Game: The Complete Guide to Wererats
Publisher: Goodman Games
Review Dated: 16th, February 2003
Reviewer’s Rating: 6/10 [ On the ball ]
Total Score: 6
Average Score: 6.00
The Complete Guide to Wererats is a classic example of an “on the ball” RPG product. At 32 pages long and only $11 the Guide falls safely in the budget end of the gaming spectrum. The Guide works, there’s plenty in the book that can be taken into your own campaign and so being on the budget end of the scale is a boon, not a bane. There are already well established “were” RPGs and supplements, although perhaps not so much in the d20 mechanic. There’s certainly quite a few famous ratmen in the d20 camp. Given this it would be all too easy to rehash what’s done before, scrape the barrel in search of something new or loose any really convincing wererat atmosphere or feel for the book. This would be dropping the ball. The Complete Guide to Wererats manages to give us something new and yet safely wererat, it’s focused, it’s on the ball. The size of the book acts as a safety net in some respects, it acts a cap in others. In 32 pages a tight focus is possible, for example, we’re told about different families of wererats, different broods, and there’s room for just a bit of information on each but not enough space to stray too far. On the other hand, 32 pages isn’t really enough space for the successes to become run away successes.
It all started with the Council of Flesh, so say the wererats. The Council was a group of mysterious wizards who sought perfection by blending their bodies with that of an animal. In the infamous Council meeting the debate was over which animal would be best for such a blending. The Council finally agreed that the rat was best. It wasn’t a smooth ride though; some of the wizard members disagreed and left, some quitting almost immediately and others waiting for secrets to be shared before slinking off treacherously. It’s a good creation myth and it comes with some inherent advantages. It didn’t matter which races composed the Council of Flesh, the heated debate was over the animal form. This makes it easy to explain where there’s no sign of racism amongst the wererats with regards to the apparent race of the non-rat form. The creation story also opens up two great goals for the wererats; to finally achieve the perfection that the Council of Flesh was seeking and to deal with the rebels, the other non-rat lycanthropes, for their treachery.
The wererat broods are those families that can trace their bloodlines to original members of the Council of Flesh. As such the Complete Guide to Wererats really concentrates on natural born wererats, those with wererat parents. There is room for one line of wererats, the Ravers, who aren’t really a family line at all but a collection of lycanthropy infected wererats who aren’t able to or don’t want to claim any such inheritance. The different broods have different goals and different ways to achieve them. These Ravers are most likely those wererats encountered randomly in dungeon crawls or more preciously by player characters before the DM bought the Complete Guide. I always appreciate it when the supplement makes itself easy to integrate into a currently running game. The other Broods tend to be concerned with reaching genetic perfection, by experimenting with transmutation spells or on the lycanthropy disease itself, the extermination of the other lycanthropes or the manipulation of human civilization.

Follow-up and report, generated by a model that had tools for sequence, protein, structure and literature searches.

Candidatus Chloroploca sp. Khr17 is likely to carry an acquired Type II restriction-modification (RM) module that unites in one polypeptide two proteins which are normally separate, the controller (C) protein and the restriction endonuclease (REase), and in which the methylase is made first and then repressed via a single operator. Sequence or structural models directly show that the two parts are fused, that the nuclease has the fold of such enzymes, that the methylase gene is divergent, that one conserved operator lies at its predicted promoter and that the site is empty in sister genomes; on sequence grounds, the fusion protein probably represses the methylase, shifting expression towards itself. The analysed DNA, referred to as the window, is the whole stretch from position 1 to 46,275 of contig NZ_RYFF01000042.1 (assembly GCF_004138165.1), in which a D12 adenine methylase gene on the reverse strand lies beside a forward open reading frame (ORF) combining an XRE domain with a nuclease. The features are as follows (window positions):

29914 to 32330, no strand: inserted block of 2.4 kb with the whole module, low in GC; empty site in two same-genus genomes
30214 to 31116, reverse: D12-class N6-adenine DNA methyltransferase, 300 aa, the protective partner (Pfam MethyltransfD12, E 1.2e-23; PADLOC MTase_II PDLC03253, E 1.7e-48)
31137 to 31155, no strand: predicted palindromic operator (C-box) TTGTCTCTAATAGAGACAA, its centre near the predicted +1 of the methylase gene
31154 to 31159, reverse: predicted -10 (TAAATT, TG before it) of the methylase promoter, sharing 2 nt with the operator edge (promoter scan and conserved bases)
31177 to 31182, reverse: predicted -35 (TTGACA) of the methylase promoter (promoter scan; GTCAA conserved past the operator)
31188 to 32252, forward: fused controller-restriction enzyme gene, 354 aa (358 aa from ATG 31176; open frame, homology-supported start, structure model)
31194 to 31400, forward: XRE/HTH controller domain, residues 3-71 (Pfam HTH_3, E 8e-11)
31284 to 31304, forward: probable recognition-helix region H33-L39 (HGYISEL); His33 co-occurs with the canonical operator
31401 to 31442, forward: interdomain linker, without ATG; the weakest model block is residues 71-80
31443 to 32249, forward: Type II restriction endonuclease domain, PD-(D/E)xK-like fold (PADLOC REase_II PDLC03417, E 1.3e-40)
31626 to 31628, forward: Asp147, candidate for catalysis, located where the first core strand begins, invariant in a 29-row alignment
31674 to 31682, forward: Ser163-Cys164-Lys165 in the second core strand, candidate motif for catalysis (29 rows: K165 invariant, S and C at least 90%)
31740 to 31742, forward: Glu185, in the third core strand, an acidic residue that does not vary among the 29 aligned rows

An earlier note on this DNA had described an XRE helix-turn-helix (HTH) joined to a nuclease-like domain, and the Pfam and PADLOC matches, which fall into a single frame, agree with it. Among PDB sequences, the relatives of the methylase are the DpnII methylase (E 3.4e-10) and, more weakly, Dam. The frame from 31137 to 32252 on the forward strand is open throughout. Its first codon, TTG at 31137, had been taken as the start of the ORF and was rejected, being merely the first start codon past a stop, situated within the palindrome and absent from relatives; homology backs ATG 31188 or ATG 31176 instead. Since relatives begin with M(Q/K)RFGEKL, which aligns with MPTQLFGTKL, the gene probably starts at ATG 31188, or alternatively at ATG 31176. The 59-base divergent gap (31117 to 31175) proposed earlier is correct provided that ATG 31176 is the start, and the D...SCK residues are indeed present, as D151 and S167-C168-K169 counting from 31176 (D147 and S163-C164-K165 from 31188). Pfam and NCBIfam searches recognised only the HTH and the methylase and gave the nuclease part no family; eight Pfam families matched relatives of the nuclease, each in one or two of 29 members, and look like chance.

Mucking around with mutation is a great excuse for new feats. The Complete Guide jumps straight in there. It is a new feat that explains the bat-like wererat on the book’s front cover. We’re told that a bat is just a rat with wings. Well, I’m not sure I buy that but perhaps the wererats do and perhaps in many fantasy worlds it is true. A different feat allow the wererat to shift down into a normal size rat rather than a dire rat and plenty of the feats get to work without hesitation on producing a whole slew of “Improved” power-ups for the race.
There’s a strange new class in the Guide. The Shifter is a ten level class but it isn’t a prestige class. It’s only ten levels by design and is described as something between a core class and a prestige class. The Shifter is open only to wererats and even then they may only take ten levels in it. Intelligently, the Complete Guide combines flavour with function and makes mention of other positions and maps these on to perfectly adequate core classes. The Ratcaller is a Cleric to the Rat god and Weavers are wizards specialised in transmutation.
The two appendices are helpful. The first provides quick access to stat blocks; ideal for busy GMs. The second finds room to include a beastiary entry for the dragon rat.
There’s an awful lot in the Complete Guide to Wererats; the book manages to squeeze that little bit extra by keeping text size down and illustrations to a minimum. The scarcity of illustration is something you’ll notice when you pick up the lightweight book and open it. Unfortunately there’s something of a brochure feel to the physical book, that’s something that stapled 32-pagers are prone too but my copy might be faring particularly badly since its devolved the habit of opening itself at pages 16 and 17 to show off the staples.
The Complete Guide to Wererats has given me very little to grumble about and a nice new line for a popular enemy race. The Guide is one of those books that make you want to use it in your games.